FAD synthesis and degradation in the nucleus create a local flavin cofactor pool.
SourceJournal of Biological Chemistry, 288, 40, (2013), pp. 29069-29080
Article / Letter to editor
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Journal of Biological Chemistry
SubjectNCMLS 5: Membrane transport and intracellular motility IGMD 9: Renal disorder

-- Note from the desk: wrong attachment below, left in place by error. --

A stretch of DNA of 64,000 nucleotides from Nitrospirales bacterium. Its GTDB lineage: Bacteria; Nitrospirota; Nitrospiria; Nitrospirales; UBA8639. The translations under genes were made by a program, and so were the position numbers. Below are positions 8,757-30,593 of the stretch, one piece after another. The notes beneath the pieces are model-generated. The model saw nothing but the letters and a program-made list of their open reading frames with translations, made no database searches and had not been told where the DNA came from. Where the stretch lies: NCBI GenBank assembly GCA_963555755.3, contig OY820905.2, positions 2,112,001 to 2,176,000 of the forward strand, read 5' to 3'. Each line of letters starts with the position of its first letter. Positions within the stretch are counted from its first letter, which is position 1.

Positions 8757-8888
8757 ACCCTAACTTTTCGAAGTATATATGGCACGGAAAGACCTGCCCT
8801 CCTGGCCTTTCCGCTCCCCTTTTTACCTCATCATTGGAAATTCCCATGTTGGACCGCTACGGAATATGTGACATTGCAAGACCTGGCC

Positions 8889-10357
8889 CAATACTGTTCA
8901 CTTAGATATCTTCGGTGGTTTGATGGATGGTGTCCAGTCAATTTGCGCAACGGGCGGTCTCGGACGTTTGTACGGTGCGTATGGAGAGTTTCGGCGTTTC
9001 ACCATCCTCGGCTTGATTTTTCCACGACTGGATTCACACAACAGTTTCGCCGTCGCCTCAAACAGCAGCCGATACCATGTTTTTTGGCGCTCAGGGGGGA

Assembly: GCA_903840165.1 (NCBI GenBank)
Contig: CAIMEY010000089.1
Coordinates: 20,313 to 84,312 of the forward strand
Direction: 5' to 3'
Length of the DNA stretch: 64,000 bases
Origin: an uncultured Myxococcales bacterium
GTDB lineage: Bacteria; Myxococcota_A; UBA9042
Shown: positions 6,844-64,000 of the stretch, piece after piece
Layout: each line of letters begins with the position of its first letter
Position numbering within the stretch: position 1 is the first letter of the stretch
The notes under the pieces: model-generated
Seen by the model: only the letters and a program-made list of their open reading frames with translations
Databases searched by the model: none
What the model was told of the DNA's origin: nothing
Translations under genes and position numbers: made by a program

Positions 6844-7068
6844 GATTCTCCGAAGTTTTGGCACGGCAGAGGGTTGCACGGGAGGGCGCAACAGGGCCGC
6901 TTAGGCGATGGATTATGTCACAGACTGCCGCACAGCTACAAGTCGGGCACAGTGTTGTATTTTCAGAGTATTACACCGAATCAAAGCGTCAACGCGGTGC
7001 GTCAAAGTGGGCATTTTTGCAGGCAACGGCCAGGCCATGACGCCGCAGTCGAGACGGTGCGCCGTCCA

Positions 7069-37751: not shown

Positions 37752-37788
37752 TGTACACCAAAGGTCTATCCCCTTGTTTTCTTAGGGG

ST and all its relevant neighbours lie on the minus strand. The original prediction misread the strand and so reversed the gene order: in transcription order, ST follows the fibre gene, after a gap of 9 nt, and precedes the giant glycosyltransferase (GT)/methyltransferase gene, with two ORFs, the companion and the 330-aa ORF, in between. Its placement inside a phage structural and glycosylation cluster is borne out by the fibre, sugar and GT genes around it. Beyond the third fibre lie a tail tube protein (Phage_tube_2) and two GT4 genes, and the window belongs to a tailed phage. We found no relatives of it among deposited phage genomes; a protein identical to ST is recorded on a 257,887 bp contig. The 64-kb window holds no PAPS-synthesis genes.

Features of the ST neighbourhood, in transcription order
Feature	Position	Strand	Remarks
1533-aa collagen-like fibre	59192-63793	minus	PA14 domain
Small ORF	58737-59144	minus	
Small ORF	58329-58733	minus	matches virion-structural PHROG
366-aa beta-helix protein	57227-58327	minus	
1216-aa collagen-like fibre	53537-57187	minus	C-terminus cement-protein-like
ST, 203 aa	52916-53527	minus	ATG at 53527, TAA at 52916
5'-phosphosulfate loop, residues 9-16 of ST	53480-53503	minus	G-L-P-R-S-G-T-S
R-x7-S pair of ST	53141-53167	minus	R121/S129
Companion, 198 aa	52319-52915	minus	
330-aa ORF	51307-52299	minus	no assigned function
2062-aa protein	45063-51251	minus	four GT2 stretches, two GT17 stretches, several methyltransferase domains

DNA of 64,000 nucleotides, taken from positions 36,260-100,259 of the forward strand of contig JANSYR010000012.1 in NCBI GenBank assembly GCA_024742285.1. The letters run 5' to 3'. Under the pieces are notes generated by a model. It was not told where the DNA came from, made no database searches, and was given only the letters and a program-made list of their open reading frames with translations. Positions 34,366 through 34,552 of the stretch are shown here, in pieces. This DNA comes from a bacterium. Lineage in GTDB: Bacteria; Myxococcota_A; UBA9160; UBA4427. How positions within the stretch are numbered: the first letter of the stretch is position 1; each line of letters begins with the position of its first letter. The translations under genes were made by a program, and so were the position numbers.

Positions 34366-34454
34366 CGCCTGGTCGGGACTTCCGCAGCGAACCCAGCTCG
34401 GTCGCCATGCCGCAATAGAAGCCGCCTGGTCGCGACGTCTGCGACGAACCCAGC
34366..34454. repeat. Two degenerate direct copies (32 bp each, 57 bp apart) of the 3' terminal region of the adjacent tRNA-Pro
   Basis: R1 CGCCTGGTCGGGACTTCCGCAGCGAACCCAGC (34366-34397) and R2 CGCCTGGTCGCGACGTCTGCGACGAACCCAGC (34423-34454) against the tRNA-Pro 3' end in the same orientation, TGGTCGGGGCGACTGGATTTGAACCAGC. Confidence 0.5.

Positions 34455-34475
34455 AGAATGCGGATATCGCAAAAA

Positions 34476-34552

FAD is a redox cofactor ensuring the activity of many flavoenzymes mainly located in mitochondria but also relevant for nuclear redox activities. The last enzyme in the metabolic pathway producing FAD is FAD synthase (EC 18.104.22.168), a protein known to be localized both in cytosol and in mitochondria. FAD degradation to riboflavin occurs via still poorly characterized enzymes, possibly belonging to the NUDIX hydrolase family. By confocal microscopy and immunoblotting experiments, we demonstrate here the existence of FAD synthase in the nucleus of different experimental rat models. HPLC experiments demonstrated that isolated rat liver nuclei contain approximately 300 pmol of FAD.mg(-1) protein, which was mainly protein-bound FAD. A mean FAD synthesis rate of 18.1 pmol.min(-1).mg(-1) protein was estimated by both HPLC and continuous coupled enzymatic spectrophotometric assays. Rat liver nuclei were also shown to be endowed with a FAD pyrophosphatase that hydrolyzes FAD with an optimum at alkaline pH and is significantly inhibited by adenylate-containing nucleotides. The coordinate activity of these FAD forming and degrading enzymes provides a potential mechanism by which a dynamic pool of flavin cofactor is created in the nucleus. These data, which significantly add to the biochemical comprehension of flavin metabolism and its subcellular compartmentation, may also provide the basis for a more detailed comprehension of the role of flavin homeostasis in biologically and clinically relevant epigenetic events.
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